The 1970s through the end of the century are marked by their gradual, yet determined evolution from the teacher-centered, passive learning characteristic of much of the twentieth century to the student-centered, outcome-based, collaborative, and active learning that is now so commonplace two decades into the twenty-first century. For starters, new research in the 1970s demonstrated that student learning was significantly affected by the layout of school facilities, and the open air classrooms of the 1930s were slowly being recognized for their impact on students’ behavior and attitudes, though there was very little headway in reintroducing them. The post-war building boom made building new schools all but unnecessary, especially in light of the nationwide enrollment drop in the Eighties. But this gave educators time for reflection. With the tremendous technological advances in the Eighties and Nineties, the job market began to change. As technology began to make its way into the classroom, educators realized that they were preparing their students for a future that was actually unknown to both teachers and students. Therefore a change in approach was no longer optional, but necessary - a change of focus from the teacher to the student.
This brings us to where we are today and the unknown of where we may be tomorrow. The concept of student-centered learning has so permeated the educational landscape that step into just about any twenty-first century classroom today and the goal will be (whether in theory or in practice) to give students more autonomy in their learning. To promote this autonomous learning, educators around the country have recognized the need for flexible learning spaces that meet the varied needs of students. An article from The Atlantic titled “Reimagining the Modern Classroom” asked prominent voices in education to describe the perfect classroom. Here are some of their responses:
“Students need to be in classrooms that inspire them—spaces that are light, airy, and filled with examples of work that they aspire to do.”
“Each classroom will be set up based on what is necessary to meet learning objectives. But schools will prioritize configuring classes to inspire learning first and foremost”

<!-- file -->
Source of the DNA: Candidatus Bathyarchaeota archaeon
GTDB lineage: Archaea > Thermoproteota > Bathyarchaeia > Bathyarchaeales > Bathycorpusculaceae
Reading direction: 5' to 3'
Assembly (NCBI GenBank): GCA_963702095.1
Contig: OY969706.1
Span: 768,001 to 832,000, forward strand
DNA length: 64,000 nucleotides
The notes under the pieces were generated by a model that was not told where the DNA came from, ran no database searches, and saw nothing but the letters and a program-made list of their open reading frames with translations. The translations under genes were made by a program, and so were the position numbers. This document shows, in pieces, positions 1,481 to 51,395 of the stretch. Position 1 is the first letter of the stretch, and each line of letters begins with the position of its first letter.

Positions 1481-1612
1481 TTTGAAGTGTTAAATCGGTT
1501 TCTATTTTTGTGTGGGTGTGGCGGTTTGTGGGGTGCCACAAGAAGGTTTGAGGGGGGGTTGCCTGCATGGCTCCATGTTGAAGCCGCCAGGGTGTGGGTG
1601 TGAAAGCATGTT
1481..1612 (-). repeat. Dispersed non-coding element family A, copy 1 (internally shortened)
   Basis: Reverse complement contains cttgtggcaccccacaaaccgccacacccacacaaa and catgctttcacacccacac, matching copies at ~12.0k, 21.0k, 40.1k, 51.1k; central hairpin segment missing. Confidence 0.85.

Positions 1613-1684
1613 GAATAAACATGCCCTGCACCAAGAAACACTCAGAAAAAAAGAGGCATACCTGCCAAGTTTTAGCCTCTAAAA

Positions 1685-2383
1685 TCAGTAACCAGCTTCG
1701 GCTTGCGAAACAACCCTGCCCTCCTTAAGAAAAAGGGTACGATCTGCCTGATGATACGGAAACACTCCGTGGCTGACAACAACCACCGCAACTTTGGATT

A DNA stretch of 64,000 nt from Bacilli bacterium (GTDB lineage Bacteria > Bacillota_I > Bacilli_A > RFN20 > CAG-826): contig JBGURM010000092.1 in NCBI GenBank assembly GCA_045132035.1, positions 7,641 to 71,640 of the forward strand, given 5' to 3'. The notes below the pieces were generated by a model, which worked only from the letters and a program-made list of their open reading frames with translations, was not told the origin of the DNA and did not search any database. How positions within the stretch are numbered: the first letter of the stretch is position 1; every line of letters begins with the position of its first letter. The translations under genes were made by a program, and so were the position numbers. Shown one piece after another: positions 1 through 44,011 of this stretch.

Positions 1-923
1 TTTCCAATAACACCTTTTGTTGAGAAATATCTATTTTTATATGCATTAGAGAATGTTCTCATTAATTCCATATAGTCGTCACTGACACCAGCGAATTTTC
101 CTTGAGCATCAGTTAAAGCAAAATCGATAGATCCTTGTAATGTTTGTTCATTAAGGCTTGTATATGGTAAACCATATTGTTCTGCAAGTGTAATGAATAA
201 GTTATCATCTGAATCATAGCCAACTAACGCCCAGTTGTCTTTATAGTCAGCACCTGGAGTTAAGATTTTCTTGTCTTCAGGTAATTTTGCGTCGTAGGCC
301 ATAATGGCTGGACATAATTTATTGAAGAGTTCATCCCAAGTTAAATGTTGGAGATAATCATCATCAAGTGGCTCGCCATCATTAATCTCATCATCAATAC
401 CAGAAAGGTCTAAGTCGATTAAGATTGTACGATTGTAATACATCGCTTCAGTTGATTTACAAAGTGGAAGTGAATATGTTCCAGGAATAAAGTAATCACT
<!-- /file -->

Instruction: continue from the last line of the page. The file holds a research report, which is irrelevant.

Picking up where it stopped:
“Chairs will be movable and will not have an attached desk. There will be large pillows near the windows. Students will be able to find a place that is comfortable for them. Standing will also be allowed, even when students are using computers”
“There will be areas where students can post ideas to help make the learning environment more engaging and fun. The classroom will also be tailored to the topic, but all will have interactive stations where hands-on learning can be experienced by all students.”
“It will be critical to rearrange the physical space and furniture to align with the principles of student agency, flexibility, and choice... Because these models will leverage multiple modes of learning, they will need spaces [for] different activities”
It was stated at the beginning of this article that as the educational opportunities for students increase, so do the expectations. A schoolmarm in 1870, with just chalk and a chalkboard, knew in essence the kind of life she was preparing her students for and set her expectations for them to meet that future. A teacher in 1960, with projectors, copiers, and even television, demanded more from his students, though there was still a clear future in sight. Today, students have personal devices, internet access, online classes, and educational spaces designed to meet their needs in order to foster learning and creativity. Through the use of interactive technology and flexible learning spaces, educators have in many respects put a child’s education both literally and figuratively into his or her own two hands. They have given students more opportunity as well as more responsibility; because though the future is not as clear or certain as it once was, it certainly seems brighter and filled with great possibility.
So the question we must be asking now is… are we giving students the tools and environments they need to not just enter into this unknown future, but to play a part in shaping it as well?
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* Student-centered learning is an approach to learning in which learners choose not only what to study but also how and why. At the heart of the learning environment are learner responsibility and activity, in contrast to the emphasis on instructor control and coverage of academic content found in conventional, didactic teaching.